So I want to just talk a little bit, trace that out, this struggle with death in the text—it is not an easy resurrection; it is not an easy journey. When Jesus receives the word that Lazarus is ill, he says to the disciples, “This illness does not lead to death.” Well, he was wrong about that, wasn't he? He says it's for God's glory so that the Son of God may be glorified through it. Well, that may be the end of the story, but Jesus is not being realistic about the fact that he is actually going to have to confront death, really confront death. And we'll see that in a moment—that he does that. This illness does lead to death, and it is only by leading to death and to dealing with that death and that grief that we get to whatever may come beyond it, the glory, as Jesus calls it. So Jesus, in fact, is maybe fooling himself a little bit here, and he ends up, it says, staying two days longer in the place where he was, even after hearing that Lazarus is ill. And we'll talk a little bit more about that delay in a moment here and what that was all about.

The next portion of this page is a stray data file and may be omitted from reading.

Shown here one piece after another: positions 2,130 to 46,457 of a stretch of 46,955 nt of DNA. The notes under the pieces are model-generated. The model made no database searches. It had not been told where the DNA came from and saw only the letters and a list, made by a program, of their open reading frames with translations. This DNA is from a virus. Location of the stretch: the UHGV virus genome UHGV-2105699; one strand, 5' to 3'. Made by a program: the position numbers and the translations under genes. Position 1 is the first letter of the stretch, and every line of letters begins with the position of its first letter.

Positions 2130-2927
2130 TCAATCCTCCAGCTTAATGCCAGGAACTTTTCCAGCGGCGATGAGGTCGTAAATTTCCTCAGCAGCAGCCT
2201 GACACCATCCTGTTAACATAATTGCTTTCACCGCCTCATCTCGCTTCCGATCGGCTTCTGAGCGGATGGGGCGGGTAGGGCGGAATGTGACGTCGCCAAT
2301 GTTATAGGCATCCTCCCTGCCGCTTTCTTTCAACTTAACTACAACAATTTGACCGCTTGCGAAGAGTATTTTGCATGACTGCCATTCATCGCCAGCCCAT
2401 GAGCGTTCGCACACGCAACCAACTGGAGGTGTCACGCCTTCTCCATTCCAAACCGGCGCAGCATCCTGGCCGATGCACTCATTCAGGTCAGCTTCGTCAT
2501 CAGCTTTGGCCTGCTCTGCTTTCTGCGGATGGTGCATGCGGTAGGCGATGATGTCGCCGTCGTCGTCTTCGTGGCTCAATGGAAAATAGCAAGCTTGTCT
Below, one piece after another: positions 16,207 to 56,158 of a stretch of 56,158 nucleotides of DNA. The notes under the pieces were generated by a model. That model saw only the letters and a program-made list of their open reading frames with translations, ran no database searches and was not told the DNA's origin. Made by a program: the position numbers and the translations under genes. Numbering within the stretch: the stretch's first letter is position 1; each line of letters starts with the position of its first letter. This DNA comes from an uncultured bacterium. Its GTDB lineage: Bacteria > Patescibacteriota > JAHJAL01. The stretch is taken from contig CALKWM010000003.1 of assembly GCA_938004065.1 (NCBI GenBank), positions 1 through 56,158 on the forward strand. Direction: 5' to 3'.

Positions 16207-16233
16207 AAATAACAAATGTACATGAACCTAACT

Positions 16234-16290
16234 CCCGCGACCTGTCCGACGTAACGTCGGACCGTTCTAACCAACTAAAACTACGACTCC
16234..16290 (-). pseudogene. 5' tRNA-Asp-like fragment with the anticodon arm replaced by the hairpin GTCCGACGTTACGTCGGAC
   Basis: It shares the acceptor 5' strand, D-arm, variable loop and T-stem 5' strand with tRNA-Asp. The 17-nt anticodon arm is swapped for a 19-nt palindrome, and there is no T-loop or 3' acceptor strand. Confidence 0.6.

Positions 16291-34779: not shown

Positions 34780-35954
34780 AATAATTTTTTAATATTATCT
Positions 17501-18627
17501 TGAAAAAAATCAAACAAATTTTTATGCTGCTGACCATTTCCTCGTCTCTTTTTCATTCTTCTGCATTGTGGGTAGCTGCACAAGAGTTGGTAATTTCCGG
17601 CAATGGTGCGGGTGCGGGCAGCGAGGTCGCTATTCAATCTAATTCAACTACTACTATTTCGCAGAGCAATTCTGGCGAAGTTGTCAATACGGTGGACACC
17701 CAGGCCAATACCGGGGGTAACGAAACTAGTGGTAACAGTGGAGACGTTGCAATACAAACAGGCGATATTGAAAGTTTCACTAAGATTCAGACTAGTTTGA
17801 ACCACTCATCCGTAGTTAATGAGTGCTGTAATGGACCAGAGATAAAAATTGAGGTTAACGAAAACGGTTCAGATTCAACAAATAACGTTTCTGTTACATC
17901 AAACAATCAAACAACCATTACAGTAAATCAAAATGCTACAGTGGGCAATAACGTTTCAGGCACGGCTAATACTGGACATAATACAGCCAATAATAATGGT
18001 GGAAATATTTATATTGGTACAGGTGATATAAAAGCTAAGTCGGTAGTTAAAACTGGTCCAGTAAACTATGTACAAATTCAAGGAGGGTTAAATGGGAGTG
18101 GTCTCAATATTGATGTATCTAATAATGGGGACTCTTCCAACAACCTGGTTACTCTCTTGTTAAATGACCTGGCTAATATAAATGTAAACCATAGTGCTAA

Then Jesus, after two days of delay, he begins to talk to the disciples about the need to go and visit Bethany. And he says, our friend Lazarus has fallen asleep. And that's an interesting euphemism for death. And it makes me wonder about the fact that Jesus can't say right away that Lazarus has died, that he has to that he has to use a euphemism, that he has to say he's passed, he's fallen asleep. He can't quite get all the way to death. And he does it in such a way that it even confuses the disciples, and they don't know what he's talking about. What do you mean he's fallen asleep? And Jesus says, “No, all right, fine. I'm trying to tell you that he's dead. And let me tell you something else for your sakes (for your sakes!) disciples, I'm glad I wasn't there. But I'm not so sure that it was for the disciples’ sakes. I wonder if it's for Jesus' sake—Jesus' own nervousness, his own fear about the process and the prospect of facing this grief. And the disciples seem to understand that Jesus is struggling with something here that is bigger than just Lazarus and Lazarus's death, that Jesus is in some way facing his own death. They're saying, “Oh, please don't go back to Judea. Everybody in Judea was just trying to stone you, the temple authorities and the Pharisees. Please don't go there.” And he says, “No, I've got to go.” And so the disciples say, “All right, we're going to go too, so that we may die with him.”